Continue reading ‘Decadal-scale acidification trends in adjacent North Carolina estuaries: competing role of anthropogenic CO2 and riverine alkalinity loads’

Sudden emergence of a shallow aragonite saturation horizon in the Southern Ocean

Models project that with current CO2 emission rates, the Southern Ocean surface will be undersaturated with respect to aragonite by the end of this century1,2,3,4. This will result in widespread impacts on biogeochemistry and ocean ecosystems5,6,7, particularly the health of aragonitic organisms, such as pteropods7, which can dominate polar surface water communities6. Here, we quantify the depth of the present-day Southern Ocean aragonite saturation horizon using hydrographic and ocean carbon chemistry observations, and use a large ensemble of simulations from the Community Earth System Model (CESM)8,9 to track its evolution. A new, shallow aragonite saturation horizon emerges in many Southern Ocean locations between now and the end of the century. While all ensemble members capture the emergence, internal climate variability may affect the year of emergence; thus, its detection may have been overlooked by ensemble average analysis in the past. The emergence of the new horizon is driven by the slow accumulation of anthropogenic CO2 in the Southern Ocean thermocline, where the carbonate ion concentration exhibits a local minimum and approaches undersaturation. The new horizon is also apparent under an emission-stabilizing scenario indicating an inevitable, sudden decrease in the volume of suitable habitat for aragonitic organisms.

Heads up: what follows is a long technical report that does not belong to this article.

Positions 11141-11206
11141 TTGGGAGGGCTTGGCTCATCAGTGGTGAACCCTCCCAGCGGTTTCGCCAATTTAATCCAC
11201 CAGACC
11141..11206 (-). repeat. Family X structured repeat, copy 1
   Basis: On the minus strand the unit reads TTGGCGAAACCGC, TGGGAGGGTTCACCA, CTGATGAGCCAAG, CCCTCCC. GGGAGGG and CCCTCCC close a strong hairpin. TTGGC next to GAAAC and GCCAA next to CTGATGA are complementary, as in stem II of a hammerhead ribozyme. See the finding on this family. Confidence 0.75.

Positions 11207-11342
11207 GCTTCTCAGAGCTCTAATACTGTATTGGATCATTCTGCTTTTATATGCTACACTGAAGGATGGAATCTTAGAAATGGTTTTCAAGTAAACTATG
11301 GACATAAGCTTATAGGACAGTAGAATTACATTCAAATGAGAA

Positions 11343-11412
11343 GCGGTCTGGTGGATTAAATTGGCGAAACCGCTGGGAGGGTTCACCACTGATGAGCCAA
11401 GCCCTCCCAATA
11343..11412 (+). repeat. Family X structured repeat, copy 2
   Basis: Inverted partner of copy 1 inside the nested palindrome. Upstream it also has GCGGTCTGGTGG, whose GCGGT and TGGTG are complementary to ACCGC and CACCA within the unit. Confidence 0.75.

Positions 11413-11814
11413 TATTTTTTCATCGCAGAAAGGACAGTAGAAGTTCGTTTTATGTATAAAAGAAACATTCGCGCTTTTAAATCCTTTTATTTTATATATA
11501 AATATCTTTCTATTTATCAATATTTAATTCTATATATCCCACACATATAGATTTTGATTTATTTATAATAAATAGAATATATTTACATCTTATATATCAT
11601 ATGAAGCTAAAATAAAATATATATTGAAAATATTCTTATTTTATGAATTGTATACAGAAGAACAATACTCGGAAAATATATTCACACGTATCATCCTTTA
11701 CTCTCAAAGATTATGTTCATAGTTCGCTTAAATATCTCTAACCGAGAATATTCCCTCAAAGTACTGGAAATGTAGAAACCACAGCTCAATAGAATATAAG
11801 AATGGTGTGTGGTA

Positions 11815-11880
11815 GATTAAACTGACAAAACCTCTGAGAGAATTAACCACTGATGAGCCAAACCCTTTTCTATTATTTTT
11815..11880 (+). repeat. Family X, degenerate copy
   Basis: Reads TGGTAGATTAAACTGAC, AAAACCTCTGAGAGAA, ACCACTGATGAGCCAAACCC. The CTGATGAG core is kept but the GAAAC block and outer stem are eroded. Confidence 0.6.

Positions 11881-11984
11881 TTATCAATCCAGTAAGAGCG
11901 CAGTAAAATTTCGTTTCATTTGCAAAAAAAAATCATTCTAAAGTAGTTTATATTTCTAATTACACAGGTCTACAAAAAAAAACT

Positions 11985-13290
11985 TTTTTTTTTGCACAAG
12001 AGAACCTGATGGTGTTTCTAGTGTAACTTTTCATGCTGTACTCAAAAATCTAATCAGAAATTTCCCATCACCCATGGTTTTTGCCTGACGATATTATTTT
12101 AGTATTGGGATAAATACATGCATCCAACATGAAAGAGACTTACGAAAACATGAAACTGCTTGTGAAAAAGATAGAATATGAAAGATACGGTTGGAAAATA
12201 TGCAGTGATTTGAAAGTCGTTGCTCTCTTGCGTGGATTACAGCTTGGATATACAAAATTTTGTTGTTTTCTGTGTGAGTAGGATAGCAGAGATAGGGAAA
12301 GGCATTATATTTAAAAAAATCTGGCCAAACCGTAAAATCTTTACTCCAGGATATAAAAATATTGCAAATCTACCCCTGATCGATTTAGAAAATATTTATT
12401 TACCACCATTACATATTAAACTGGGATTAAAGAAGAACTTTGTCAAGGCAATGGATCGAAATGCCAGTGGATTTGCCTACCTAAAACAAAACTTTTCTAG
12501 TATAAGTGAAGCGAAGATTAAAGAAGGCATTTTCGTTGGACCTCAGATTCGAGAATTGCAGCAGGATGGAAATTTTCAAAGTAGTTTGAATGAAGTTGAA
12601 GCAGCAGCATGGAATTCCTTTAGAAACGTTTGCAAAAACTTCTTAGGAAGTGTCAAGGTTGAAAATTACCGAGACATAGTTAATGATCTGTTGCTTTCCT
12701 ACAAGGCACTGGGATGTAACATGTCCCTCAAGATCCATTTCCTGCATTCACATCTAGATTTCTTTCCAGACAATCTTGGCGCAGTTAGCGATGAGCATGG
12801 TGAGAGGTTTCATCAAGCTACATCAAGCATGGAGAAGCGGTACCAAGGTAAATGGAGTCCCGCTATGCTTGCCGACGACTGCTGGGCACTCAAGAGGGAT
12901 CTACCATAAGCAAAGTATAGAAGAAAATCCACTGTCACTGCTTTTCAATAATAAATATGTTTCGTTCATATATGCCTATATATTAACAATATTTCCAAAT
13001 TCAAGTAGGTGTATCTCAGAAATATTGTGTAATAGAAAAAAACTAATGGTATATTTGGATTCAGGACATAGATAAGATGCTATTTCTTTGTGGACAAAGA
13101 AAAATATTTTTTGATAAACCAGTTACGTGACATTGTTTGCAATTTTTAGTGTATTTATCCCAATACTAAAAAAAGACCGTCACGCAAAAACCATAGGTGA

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Ocean acidification in the IPCC AR5 WG II